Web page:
"We were train wrecks for different reasons, so we were perfect for each other." by Dan Abshear
(for henrymakow.com) About two years ago, my then wife of 20 years decided to falsely accuse me of violently abusing her. A restraining order was issued against me by her as well, so I was evicted out of my own home. Soon after that, I was arrested related to these false accusations and wrongfully incarcerated for over a month.
While in jail, I spoke with quite a few men who were abused by the family law system. Most shocking to me at the time were those men on their way to prison for failure to pay child support. Most of these men were without income, yet they were convicted of this 'crime."
In April of last year, I spent a week on the mental health ward of the veterans administration hospital in Atlanta, for suicidal ideation, among other mental issues. They determined I was a drug addict, so I checked myself into the veterans administration substance abuse treatment program in May of last year.
After completing the VA substance abuse treatment program, I was homeless once again. The VA has a homeless program for veterans, so I entered this program. They placed me in an apartment with 5 other men, whose lives had been wrecked, as mine had been only two years ago.
Most of the men I encountered and became friends within the VA system were very poor, and older black men. It's a subculture I was completely unaware of, until this program. Many had spent a great deal of their lives incarcerated, and many were drug addicts. However, most of these men are very intelligent, and kinder than your average American citizen.
In less than a year, three of these friends I acquired took their own lives. Their pain quite obviously was equal or greater than the pain I continue to experience due to being destroyed by my ex wife. I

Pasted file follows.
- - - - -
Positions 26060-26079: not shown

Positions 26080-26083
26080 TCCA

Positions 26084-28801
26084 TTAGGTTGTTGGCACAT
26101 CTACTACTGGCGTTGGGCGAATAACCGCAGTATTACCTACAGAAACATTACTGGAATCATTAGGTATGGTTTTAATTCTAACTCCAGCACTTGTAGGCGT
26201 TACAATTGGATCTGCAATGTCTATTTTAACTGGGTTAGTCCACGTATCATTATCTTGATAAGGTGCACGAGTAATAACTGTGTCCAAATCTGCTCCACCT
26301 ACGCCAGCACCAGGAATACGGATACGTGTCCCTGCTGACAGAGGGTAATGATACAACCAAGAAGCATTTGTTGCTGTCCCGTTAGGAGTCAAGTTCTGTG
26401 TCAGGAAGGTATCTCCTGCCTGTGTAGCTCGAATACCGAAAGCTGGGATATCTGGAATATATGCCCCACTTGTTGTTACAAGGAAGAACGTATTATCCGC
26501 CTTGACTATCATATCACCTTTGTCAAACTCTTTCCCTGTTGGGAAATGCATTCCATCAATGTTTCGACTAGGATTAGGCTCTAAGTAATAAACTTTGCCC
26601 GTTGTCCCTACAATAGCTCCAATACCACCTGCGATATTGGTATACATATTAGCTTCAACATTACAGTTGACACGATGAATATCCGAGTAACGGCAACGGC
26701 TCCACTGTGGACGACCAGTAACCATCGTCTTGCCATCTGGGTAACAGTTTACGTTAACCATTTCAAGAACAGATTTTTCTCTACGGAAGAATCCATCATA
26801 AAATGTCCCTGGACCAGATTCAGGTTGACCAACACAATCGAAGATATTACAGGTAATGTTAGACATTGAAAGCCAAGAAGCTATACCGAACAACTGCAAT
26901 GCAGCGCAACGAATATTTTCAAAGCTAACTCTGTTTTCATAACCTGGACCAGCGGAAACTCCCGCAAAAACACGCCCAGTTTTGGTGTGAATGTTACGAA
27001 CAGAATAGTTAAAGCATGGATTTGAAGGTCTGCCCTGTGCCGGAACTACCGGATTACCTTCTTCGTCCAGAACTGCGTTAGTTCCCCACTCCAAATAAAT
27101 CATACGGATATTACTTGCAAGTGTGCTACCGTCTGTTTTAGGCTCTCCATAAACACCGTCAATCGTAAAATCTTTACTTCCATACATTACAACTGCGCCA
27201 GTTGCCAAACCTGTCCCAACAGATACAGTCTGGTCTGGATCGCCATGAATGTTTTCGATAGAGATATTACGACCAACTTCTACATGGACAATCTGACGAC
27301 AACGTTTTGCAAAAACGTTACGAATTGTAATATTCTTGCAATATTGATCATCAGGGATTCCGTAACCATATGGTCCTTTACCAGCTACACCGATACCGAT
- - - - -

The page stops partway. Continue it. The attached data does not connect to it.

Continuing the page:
"I think the school staff were man-haters, and resented me because, as a doting father, I upset their prejudices. They thought incest was the only possible explanation for a father's love." by Dan Abshear
(henrymakow.com) In January 2007, staff at my eight-year-old daughter's public school in Missouri interrogated her for an hour to determine if I had molested her. There was absolutely no reason for them to do this.
I worked out of my home at the time and largely raised my daughter, while my now ex-wife worked. I had established rituals during her school days.
These included taking her to our favorite local doughnut shop in the morning and often bringing lunch to her at school.
During my visits to my daughter's school. I always found the teachers to be very warm and kind people.
However, the administrative staff were rather distant judging by their body language, and their unwillingness to interact with me. They were mostly middle-aged women.
On one unforgettable day, they interrogated my daughter for about an hour. When I picked her up, she was crying.
She said she was asked leading questions such as, "did your daddy ever touch you there? Do you think your daddy likes touching you there?" The answer to such questions was 'no,' of course.
I spoke with her for hours that night, which was difficult for me. In the days that followed, she did not appear permanently scared by that interrogation.
My daughter was completely unaware that parents were even capable of such acts described in graphic detail by school staff.
There was no evidence for these allegations. My daughter was and is a straight "A" student, and an incredibly balanced individual. What caused my daughter's school to make these outrageous charges and traumatize
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